THE WHITE HOUSE
Office of the Press Secretary
EXPLORING THE LAST U.S. FRONTIER
To unravel deep-sea mysteries, discover new opportunities in the ocean, and better understand how to protect marine resources, Vice President Gore is launching a program to map and explore U.S. ocean waters with advanced underwater technology. A proposed $12 million through 2002 will be used to expand two shallow-water observatories, build two new dead-sea observatories, and develop two high-tech "submersibles" to explore exotic sea life.
Oceans cover most of the Earth, yet only five percent of the ocean and sea floor have been explored. Until recently, we knew more about the surface of the moon than the ocean floor. Recent exploration of deep-sea vents, which spew hot water from deep within the Earth, have led to the discovery of life forms never thought possible. And advanced technology now allows researchers to go, and to send unmanned "submersible" vehicles, to greater and greater depths. Dramatic visits to the sunken Titanic offer a glimpse of the exciting discoveries that are now possible.
To protect the oceans, and particularly our marine reserves, we must know more about them, and how human activities affect them. Information gleaned from the sea can also help identify new sources of minerals, life-saving pharmaceuticals and other materials. It also will provide a clearer picture of the oceans' enormous contribution to our economy. The Administration is proposing an additional $4 million a year in fiscal years 2000, 2001 and 2002 to:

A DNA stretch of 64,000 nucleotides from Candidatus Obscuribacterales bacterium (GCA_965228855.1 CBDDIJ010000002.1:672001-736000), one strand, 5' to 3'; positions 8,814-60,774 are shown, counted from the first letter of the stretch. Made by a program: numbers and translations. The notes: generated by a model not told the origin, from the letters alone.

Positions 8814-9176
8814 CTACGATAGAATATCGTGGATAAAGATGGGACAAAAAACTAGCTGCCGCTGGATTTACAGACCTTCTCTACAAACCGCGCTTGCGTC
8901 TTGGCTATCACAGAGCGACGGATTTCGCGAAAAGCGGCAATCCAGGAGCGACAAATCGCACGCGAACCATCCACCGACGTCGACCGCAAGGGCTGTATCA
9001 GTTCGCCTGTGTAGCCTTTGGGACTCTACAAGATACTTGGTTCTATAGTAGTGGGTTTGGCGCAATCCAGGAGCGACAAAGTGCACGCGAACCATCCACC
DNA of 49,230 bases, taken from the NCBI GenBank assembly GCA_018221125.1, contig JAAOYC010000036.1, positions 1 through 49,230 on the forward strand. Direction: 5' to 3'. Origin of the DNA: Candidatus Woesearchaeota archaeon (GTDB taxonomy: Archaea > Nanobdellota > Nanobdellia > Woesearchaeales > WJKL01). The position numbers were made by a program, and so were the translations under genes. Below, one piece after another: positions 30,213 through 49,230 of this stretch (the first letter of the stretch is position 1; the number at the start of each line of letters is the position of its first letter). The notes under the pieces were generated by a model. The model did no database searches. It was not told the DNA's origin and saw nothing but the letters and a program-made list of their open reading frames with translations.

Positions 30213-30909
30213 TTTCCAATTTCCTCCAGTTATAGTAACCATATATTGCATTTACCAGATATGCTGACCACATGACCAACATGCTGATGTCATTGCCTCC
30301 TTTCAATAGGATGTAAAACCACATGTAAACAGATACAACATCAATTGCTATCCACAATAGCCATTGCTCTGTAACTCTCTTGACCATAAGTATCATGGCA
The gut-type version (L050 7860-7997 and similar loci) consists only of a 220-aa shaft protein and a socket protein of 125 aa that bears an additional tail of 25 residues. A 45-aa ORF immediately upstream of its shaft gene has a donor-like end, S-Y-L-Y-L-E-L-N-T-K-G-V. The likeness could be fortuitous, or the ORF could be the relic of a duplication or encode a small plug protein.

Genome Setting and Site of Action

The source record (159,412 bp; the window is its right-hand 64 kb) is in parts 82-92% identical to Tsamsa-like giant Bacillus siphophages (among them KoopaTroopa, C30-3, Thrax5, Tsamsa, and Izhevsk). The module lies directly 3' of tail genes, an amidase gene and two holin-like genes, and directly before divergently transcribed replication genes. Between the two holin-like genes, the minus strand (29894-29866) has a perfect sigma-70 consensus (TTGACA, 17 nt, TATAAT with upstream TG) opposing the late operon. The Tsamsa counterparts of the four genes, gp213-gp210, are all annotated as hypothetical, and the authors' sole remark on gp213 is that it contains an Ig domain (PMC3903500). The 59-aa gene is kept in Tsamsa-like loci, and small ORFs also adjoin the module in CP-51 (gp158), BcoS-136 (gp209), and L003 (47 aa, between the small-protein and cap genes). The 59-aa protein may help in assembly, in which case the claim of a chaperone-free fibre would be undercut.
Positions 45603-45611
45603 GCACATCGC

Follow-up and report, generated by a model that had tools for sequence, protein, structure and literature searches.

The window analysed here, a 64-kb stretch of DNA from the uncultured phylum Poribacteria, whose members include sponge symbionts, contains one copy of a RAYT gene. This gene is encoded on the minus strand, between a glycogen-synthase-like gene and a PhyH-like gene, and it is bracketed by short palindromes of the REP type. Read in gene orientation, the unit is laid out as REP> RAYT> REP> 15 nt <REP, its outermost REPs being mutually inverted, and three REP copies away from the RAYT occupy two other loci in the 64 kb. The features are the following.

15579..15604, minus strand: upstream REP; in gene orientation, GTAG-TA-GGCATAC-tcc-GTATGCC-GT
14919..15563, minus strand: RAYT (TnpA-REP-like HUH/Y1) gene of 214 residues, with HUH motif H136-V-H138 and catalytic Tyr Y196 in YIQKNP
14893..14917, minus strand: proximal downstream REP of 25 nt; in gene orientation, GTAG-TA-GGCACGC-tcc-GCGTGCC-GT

Develop two new unmanned deep-sea observatories -- on the Juan de Fuca ridge off the West Coast, and in the Gulf of Mexico -- to monitor unusual life forms.
Expand existing shallow-water observatories -- such as the Leo in New Jersey, and the Aquarius in Florida -- to enable researchers to stay underwater for several days at a stretch to directly observe biological, chemical and physical processes in the ocean.
Develop, in partnership with industry, two state-of-the-art submersibles -- an unmanned undersea vehicle remotely operated from a ship, and a manned self-propelled mini-submarine. These systems will be leased by the government and made available to the scientific community.
Assess the contribution of ocean resources and activities to the nation's economy. A panel of economists, scientists and ocean experts, to be named by the President, will complete the assessment by the year 2000.
Contribute $250,000 a year to support the "Sustainable Seas Expeditions," a public-private partnership spearheaded by the National Geographic Society and the Goldman Foundation to explore undersea life in America's marine sanctuaries.
Strengthening Protection of Our Marine Reserves. The "Sustainable Seas Expeditions" will help complete a comprehensive inventory of biodiversity in America's 12 National Marine Sanctuaries; revise management plans for the sanctuaries by 2002; and develop science-based recommendations for stronger protections, such as the "no-take" zones in the Florida Keys National Marine Sanctuary.